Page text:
2.2.2. The concept of Interface

Before describing in detail the MeshViz Interface features, it is important to understand the concept of interface used to define the mesh data structures. This is a key concept in MeshViz Interface which must be understood before going any further. This concept provides a simple and convenient way to delegate the definition of the mesh to the application so that MeshViz Interface can adapt to any kind of mesh data structure.

All interface class names start with the Mi prefix


An interface is a C++ class similar to an interface in the Java™ language. However, as this is not a concept of the C++ language, we will describe below the particular properties of what we call an interface:

  • An interface does not contain any member variables, neither public, protected nor private.

  • An interface does not contain any non virtual methods except template methods

  • Most virtual methods do not have any implementation, thus are "pure" virtual

  • An interface can't be instantiated, thus derived classes must be built by user applications. Only a reference or pointer to an interface can be declared.

Default implementations of methods

Some methods have a default implementation in order to avoid a tedious derivation. Two types of default implementation exist:

  • An implementation throwing an exception. This type of implementation is used for methods that are called only in some particular cases. For instance, the MiCell::isPointInside() method is used only when doing probing. As long as probing is not used by the application, It is not necessary to override isPointInside(). However, if the default method throws an exception, it means that the method must be implemented and the application must provide its own implementation.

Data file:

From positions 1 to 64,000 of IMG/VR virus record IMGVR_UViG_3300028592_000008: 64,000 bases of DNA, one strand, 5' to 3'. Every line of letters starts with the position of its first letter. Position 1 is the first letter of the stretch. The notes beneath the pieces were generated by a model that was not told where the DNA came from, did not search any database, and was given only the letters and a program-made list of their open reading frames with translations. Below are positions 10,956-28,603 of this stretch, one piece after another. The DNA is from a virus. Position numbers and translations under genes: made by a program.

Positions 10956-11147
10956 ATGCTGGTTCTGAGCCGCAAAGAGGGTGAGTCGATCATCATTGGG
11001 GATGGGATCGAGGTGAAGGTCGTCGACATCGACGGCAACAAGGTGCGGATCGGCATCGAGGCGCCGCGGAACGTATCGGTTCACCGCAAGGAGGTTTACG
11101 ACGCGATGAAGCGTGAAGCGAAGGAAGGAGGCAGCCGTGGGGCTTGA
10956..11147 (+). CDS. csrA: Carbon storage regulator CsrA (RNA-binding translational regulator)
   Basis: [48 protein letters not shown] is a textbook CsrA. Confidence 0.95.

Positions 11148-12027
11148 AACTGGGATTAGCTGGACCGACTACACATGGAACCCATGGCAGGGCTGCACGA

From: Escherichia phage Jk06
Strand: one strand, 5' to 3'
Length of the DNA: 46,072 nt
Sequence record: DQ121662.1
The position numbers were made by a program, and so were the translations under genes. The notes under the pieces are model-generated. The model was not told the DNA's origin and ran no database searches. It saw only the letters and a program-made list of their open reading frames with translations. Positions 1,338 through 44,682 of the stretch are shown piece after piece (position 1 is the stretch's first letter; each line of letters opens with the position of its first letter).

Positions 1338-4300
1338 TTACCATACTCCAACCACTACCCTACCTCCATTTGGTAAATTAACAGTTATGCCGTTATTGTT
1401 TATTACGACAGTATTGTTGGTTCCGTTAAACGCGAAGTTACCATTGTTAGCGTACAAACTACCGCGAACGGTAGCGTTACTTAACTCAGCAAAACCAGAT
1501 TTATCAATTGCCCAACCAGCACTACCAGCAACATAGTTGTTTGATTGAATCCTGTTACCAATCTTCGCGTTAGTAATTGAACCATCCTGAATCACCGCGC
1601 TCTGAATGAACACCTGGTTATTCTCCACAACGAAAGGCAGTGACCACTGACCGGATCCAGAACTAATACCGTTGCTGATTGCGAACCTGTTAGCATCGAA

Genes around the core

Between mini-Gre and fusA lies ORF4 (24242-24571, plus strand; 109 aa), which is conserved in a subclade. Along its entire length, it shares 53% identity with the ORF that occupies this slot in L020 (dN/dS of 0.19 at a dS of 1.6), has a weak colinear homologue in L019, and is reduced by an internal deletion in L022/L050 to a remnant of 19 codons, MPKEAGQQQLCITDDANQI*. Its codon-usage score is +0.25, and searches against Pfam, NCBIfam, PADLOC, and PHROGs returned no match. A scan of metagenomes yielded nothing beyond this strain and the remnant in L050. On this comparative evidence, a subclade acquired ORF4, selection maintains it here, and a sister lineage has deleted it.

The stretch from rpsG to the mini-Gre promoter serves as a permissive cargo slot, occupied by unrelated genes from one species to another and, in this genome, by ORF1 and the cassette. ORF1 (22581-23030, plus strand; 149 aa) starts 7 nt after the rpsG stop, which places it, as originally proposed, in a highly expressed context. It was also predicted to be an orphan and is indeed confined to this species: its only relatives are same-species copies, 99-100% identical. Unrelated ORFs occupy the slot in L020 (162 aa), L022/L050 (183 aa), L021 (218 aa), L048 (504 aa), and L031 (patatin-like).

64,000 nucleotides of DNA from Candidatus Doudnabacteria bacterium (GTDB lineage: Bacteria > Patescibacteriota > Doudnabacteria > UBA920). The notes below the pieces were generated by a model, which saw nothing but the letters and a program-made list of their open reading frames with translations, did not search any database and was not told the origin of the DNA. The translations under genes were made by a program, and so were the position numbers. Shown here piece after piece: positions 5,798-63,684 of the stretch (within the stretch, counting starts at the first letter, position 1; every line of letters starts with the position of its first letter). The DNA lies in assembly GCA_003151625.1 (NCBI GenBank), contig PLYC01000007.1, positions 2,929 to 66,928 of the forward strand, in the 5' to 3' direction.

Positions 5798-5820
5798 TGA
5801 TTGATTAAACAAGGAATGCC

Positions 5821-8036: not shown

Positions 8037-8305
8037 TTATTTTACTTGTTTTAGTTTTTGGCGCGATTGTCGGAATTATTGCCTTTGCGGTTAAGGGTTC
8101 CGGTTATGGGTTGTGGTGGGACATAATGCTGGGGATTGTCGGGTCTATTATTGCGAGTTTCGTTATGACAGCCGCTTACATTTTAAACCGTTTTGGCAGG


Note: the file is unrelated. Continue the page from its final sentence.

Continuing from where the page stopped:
• The default behavior is the most general case or a natural and obvious implementation of the method exists. For instance the MiTopology interface provides a default implementation for hasDeadCells() which returns false indicating that there is no dead cells in the topology. Some convenience methods such as toStream and operator << are also provided for writing a mesh to a stream.

Multiple inheritance

The concept of interface is often used with multiple inheritance. For instance if the application contains an existing class AppCell defining a cell, this class can be derived to implement the MiCell MiCell interface. In this case, the new class AppMiCell inherits both from MiCell MiCell and AppCell like in the following graph:

Multiple inheritance example

Figure 2.1. Multiple inheritance example

In this example, the AppMiCell class implements the pure virtual method getNumNodes() by returning the inherited protected member numNodes of AppCell. The user application passes a pointer or a reference to this new AppMiCell class to the MeshViz extraction module.

Thanks to the particular properties described above, the multiple C++ inheritance used here does not introduce any multiple member inheritance as can happen when using classical multiple inheritance. Moreover, the new class AppMiCell usually does not need additional members.

Note for C++ experts:

In some cases the inheritance of the interface must be declared as virtual:

class AppMiCell: virtual public MiCell, public AppCell




The inherited interface must be first in the list of inherited class

Note for Java experts:

An interface class in MeshViz Interface corresponds to a Java abstract class without member.